I’m scheduled to speak with Roy Haynes by phone from his Long Island home, but have trouble getting through. Reaching him on my third attempt, I suggest perhaps this isn’t a good time. “Let’s get it on,” he says. “How much time you gonna need?” To cover a half-century-plus career? Um, half an hour? “Jesus Christ,” he says, laughing. “Let’s try to get it shorter than that.”

At 78, Roy Haynes is, with the recent retirement of Max Roach from live performance, arguably the most accomplished drummer working. Yet the man who cut his teeth with Lester Young, spent four years in Charlie Parker’s traps chair, logged another five with Sarah Vaughan and, from 1961 to 1965, subbed regularly with John Coltrane’s landmark quartet still seems surprised by the attention he receives. Though affable, he tends toward answers that are brief and self-deprecating. “I’m just an old-time player,” he says. “I just try to do it through the music.”

Haynes has been doing it through the music since at least 1944, when he started working with swing bands around Boston. A special-delivery letter from bandleader Luis Russell took him to New York the following summer: “Russell hadn’t met me, he hadn’t even heard me, but he heard about me. He sent me a one-way train ticket, which I never will forget.”

In New York, gigs with Young, Kai Winding and Miles Davis came quick, and Haynes never left. “I joined Bird in ’49. Miles used to say that Bird stole his drummer.” As did Thelonious Monk, Rahsaan Roland Kirk, Eric Dolphy and just about every other major jazz figure since. Is there anyone he didn’t play with? “There must be someone, but when you get this age, I don’t think you want to be naming people.”

A remarkably intuitive and flexible timekeeper, Haynes has excelled in every genre from swing to bop to free. He’s self-taught, “more or less. Everything else I picked up from the giants around that period when I was coming up. I was supposedly a swing drummer, because I was listening to Jonathan ‘Jo’ Jones, Sid Catlett.” Catlett in particular was a big influence, “whether I realized it or not. He was the main guy. He could swing. And swing then, it wasn’t just a word, it had a meaning. Swing was something that came from the bottom of your heart, from your soul, a feeling you were giving in the music. And part of that is still in me, even with all this new crap that’s happening.” Crap? “[Jazz is] like a lot of other things in the world. It seems to be a little confused. Everybody’s trying to state this and state that. The bottom line is — I don’t know what the hell the bottom line is. But I do know, different places I go all over the world, people, younger people, they want to see Roy Haynes, they want to hear Roy Haynes, and find out more about him.”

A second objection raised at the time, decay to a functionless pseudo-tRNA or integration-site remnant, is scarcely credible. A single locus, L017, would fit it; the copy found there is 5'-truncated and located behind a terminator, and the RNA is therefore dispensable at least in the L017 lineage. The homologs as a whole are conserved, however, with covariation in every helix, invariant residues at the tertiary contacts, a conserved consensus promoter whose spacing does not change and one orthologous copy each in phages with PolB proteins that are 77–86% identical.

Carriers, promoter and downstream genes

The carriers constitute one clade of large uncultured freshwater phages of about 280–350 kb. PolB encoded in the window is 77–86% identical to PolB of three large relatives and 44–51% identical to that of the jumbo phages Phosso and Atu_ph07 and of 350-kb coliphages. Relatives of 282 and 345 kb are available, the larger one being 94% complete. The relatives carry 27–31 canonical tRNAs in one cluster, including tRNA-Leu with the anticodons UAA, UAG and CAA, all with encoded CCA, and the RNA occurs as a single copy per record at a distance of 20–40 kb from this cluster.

Haynes has a terrific new disc out,
Love Letters. Recorded last year with two separate world-class quartets, it’s drawn critical raves and has raised his visibility another notch.

“I’m in a very unique position, if I may brag about it.” Please. “I don’t want to say everybody wants to play with me, but it almost feels that way. If somebody gets a record date, and the record company calls different artists — you know, the guys are all excited.” He sounds genuinely amazed. “I’m talking about [guitarist John] Scofield. Scofield played with Miles, you know! And he calls me up the other day, and he’s thanking me. It’s a real — it’s something that you can’t even put into words.”

While big names line up for his time, Haynes in his paterfamilias years remains unstinting in his devotion to younger players. His band members this week — saxophonist Marcus Strickland, pianist
Martin Bejerano and bassist John Sullivan — are all in their 20s. “To keep going yourself, you gotta do it,” he says. And he still looks to other drummers for inspiration. “You continue on. I don’t listen to them like I did when I was younger, but I hear what they have to say, and keep on steppin’.”

One last question: Any up-and-coming skinsmen he’s especially interested in? Typically, Haynes demurs. “Let’s just say my ears are continually open. Why don’t we leave it at that?”

The Roy Haynes Quartet plays the Playboy Jazz Festival on Sunday, June 15.

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